Today we explored ICAFE, Costa Rica’s regulator of the coffee industry. ICAFE is a uniquely interesting organization, as they are not a government organization but still tax the coffee sector and lead coffee research. Every company or farm which produces or exports coffee has to pay a 1.5% tax on all sales which goes straight towards ICAFE and funds their research. As a result, ICAFE has developed techniques to promote healthy and efficient growth of coffee plant to return to the companies which fund it. For Example, ICAFE researches the development of biological and chemical pesticides to kill the pests which disrupt the growth of coffee plants. It is both important and admirable that ICAFE is researching biological pesticides in particular, as chemical pesticides, which are much more common, may have a devastating effect on the local ecosystem. Organic coffee plantations may deploy biological protections, which usually are composed of fungi, which can prevent the negative effects of diseases and pest on the plant. ICAFE is leading the coffee industry with cutting-edge technology by growing such fungi and giving them to Costa Rican coffee farms to use.
Due to the advancements of ICAFE, farms are able to combat the conditions which negatively affect the success of the coffee industry. Not only does ICAFE train farmers to combat these conditions and arm them with the resources to do so, but they also receive samples of new fungi and diseases which have been shown to harm coffee plants. Thus, whenever a farmer has a problem which hinders the success of his plantation, they can always rely on ICAFE to solve it and provide them with a solution. For these reasons, ICAFE is most essential to smaller farms which cannot afford or do not have the land to conduct their own coffee plant research. Given that the majority of Costa Rica’s total coffee production comes from small farms, ICAFE holds an integral role in the coffee industry. For smaller coffee plantations, ICAFE is their only means of developing the techniques they deploy and plant strains which are grown.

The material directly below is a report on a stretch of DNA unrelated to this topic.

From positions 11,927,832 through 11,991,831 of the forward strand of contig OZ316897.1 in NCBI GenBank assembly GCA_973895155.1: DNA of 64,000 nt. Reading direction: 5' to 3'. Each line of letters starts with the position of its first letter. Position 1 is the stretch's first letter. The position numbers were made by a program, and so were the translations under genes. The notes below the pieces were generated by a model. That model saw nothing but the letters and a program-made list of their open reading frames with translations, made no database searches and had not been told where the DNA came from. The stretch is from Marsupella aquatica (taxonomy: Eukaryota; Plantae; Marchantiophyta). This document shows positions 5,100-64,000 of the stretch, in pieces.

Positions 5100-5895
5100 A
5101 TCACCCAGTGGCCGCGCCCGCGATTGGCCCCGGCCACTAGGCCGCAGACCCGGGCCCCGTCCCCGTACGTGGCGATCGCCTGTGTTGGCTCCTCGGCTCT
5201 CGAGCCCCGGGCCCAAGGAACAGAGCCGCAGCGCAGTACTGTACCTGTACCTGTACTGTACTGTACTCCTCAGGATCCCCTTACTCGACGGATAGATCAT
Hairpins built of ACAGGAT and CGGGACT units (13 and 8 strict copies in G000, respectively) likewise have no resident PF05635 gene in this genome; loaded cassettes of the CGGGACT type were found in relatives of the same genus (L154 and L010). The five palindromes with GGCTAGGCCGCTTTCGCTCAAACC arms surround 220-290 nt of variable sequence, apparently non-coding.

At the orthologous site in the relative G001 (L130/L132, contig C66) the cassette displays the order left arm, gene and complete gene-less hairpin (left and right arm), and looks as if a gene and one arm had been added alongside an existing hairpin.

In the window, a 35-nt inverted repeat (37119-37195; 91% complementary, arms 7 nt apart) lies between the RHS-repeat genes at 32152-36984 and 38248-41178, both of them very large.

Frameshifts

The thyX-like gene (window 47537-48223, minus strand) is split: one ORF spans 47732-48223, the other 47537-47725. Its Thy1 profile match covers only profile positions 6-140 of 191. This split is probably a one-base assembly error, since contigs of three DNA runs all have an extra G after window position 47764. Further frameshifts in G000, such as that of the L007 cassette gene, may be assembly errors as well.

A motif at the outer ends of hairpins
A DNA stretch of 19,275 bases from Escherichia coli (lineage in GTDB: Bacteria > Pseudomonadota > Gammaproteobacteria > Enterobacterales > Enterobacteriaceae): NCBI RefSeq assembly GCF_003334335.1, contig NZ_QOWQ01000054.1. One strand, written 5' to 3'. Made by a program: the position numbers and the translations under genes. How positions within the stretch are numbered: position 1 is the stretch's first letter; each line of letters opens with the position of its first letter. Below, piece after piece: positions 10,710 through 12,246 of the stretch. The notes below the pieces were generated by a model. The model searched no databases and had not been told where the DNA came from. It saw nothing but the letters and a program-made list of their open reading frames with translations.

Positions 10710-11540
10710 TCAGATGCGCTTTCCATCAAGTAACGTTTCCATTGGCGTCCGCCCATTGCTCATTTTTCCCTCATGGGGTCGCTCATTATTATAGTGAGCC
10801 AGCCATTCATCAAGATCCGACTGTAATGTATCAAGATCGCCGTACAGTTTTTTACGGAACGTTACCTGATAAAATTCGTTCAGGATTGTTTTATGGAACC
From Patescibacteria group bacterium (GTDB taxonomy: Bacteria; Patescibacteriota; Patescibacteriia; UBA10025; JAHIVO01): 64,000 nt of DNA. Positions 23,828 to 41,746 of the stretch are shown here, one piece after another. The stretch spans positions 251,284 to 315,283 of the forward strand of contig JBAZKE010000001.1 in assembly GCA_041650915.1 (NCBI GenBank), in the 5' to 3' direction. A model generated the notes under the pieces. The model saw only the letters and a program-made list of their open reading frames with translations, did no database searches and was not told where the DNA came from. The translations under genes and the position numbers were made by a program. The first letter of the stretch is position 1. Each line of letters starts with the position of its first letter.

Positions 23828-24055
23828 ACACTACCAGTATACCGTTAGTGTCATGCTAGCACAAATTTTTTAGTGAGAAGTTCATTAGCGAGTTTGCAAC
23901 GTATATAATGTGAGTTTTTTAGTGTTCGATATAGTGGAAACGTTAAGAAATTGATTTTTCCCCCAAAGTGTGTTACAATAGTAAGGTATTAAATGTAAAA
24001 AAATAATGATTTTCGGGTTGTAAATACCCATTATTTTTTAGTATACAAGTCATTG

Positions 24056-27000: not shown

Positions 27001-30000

The only case in which ICAFE might not be beneficial is in the case of larger sized coffee producing and exporting companies. Due to the success these companies have experienced, the 1.5% sales tax which ICAFE expects is actually quite substantial, and worth more than several employees’ salaries. In addition, the larger coffee corporations have the land and resources to conduct their own coffee research. Many of them actually do. In this sort of situation, the role of ICAFE becomes much more unnecessary, and possibly not worth sacrificing the money which is required to go to them. Still, ICAFE still holds a very important role in the future of the coffee industry, and they are the most likely Costa Rican corporation to revolutionize how coffee is being produced.